Turner worked gouache and watercolour paints onto this sheet of blue paper to depict a large edifice set in a landscape framed by trees. The foreground is occupied by figures, lightly indicated by dashes of yellow gouache. As Art historian Ian Warrell has observed, the sketch is of a piece with the ‘colour studies’ of northern France which the artist worked up in the early 1830s with a view to engraved reproduction.1 Although loose handling has rendered the motif generic here, the round towers of the distant building may belong to the complex of medieval defences at Gisors, a town located some twenty-five miles east of the Seine as it flows past Les Andelys. Certainly drawings of the town recur frequently in the Seine and Paris sketchbook of around this date, and contributed to the conception of a colour study and two pencil sketches on blue paper: Tate D25007 (Turner Bequest CCLXI 35) and D25009 (Turner Bequest CCLIX 37). For a list of these sketchbook drawings, see the entry for Tate D23962 (Turner Bequest CCLIV 41a).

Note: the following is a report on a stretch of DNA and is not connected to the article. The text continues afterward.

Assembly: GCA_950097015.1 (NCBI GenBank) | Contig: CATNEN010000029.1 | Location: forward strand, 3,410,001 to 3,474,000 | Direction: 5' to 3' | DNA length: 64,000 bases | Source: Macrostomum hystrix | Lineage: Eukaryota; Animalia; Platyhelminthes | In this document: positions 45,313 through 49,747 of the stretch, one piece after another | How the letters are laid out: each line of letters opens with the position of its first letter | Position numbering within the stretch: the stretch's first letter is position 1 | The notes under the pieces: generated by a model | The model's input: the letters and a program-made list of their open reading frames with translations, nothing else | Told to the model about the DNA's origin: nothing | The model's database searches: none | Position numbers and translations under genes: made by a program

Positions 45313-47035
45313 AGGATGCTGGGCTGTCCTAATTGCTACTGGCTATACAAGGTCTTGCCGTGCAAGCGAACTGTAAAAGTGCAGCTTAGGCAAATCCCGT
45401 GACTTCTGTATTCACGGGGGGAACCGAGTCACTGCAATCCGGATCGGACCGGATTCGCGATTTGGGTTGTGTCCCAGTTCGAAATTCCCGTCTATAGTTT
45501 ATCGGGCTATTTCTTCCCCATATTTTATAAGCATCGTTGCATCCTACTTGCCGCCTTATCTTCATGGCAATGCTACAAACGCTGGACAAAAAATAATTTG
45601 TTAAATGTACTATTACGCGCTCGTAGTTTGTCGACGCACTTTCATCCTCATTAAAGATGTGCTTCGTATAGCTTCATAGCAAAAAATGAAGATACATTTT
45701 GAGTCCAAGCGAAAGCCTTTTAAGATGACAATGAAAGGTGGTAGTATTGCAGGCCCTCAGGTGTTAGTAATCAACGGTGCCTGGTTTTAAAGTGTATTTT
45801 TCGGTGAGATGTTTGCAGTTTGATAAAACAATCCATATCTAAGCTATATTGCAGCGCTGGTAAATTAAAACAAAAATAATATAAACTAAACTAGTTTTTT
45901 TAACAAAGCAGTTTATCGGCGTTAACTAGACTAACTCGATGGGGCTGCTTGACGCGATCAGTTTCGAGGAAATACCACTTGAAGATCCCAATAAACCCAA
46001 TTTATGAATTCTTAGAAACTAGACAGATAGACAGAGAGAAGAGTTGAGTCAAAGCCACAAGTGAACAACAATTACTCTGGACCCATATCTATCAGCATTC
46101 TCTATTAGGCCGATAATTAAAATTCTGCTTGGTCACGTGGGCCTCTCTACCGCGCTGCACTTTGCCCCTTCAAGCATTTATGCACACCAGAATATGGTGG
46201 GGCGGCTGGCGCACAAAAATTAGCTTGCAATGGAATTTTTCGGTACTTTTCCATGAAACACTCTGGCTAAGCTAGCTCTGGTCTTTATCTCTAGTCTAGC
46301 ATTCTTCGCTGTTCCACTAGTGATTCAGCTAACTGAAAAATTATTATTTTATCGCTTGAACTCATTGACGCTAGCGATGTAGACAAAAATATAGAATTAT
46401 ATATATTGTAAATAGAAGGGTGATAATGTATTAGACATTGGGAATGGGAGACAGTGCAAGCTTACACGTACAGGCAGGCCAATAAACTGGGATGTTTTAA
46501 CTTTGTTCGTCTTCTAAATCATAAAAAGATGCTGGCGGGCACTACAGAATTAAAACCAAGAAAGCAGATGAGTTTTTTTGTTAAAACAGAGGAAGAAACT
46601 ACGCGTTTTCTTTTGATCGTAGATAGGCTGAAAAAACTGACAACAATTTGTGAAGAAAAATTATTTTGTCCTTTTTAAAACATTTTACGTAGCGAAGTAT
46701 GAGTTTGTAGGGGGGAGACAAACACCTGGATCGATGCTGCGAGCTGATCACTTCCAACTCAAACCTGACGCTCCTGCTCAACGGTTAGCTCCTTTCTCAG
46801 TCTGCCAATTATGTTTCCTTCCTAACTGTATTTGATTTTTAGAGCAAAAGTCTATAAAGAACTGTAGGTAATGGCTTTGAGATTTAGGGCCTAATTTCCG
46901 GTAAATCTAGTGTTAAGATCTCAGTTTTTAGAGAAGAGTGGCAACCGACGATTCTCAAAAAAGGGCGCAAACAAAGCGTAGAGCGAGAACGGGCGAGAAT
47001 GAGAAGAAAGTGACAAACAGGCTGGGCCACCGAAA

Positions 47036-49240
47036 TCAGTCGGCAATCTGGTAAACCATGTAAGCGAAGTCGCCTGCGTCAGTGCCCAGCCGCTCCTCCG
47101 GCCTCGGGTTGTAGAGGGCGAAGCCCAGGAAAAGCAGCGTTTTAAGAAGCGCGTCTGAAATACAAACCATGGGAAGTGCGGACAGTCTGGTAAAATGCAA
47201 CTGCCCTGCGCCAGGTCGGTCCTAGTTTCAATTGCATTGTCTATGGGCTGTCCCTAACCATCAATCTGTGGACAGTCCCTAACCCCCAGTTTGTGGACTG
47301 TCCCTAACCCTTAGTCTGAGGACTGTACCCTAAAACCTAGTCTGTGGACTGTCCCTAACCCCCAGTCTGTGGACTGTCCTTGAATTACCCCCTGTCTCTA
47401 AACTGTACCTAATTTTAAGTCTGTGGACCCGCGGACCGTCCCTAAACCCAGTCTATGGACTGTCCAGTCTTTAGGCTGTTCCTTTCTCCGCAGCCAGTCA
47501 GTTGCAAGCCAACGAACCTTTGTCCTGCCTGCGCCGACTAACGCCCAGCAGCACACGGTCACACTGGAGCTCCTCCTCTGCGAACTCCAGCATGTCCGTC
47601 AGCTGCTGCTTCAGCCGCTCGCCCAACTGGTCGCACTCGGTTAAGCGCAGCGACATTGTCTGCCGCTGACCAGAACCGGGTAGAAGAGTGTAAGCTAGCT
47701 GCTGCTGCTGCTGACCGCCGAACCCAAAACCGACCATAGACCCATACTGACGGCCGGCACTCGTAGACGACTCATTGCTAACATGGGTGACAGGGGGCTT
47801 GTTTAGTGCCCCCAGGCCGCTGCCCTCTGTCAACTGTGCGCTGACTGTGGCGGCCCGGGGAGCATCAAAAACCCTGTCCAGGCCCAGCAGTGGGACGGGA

Ian Warrell, Turner on the Seine, exhibition catalogue, Tate Gallery, London 1999, pp.23, 252 note 39.
The sheet is inscribed in pencil with the notes ‘ii’ in the centre and ‘D24568’ in the bottom right-hand corner. The Turner Bequest monogram and the number ‘CCLIX – 3’ are stamped in black towards the bottom right-hand corner.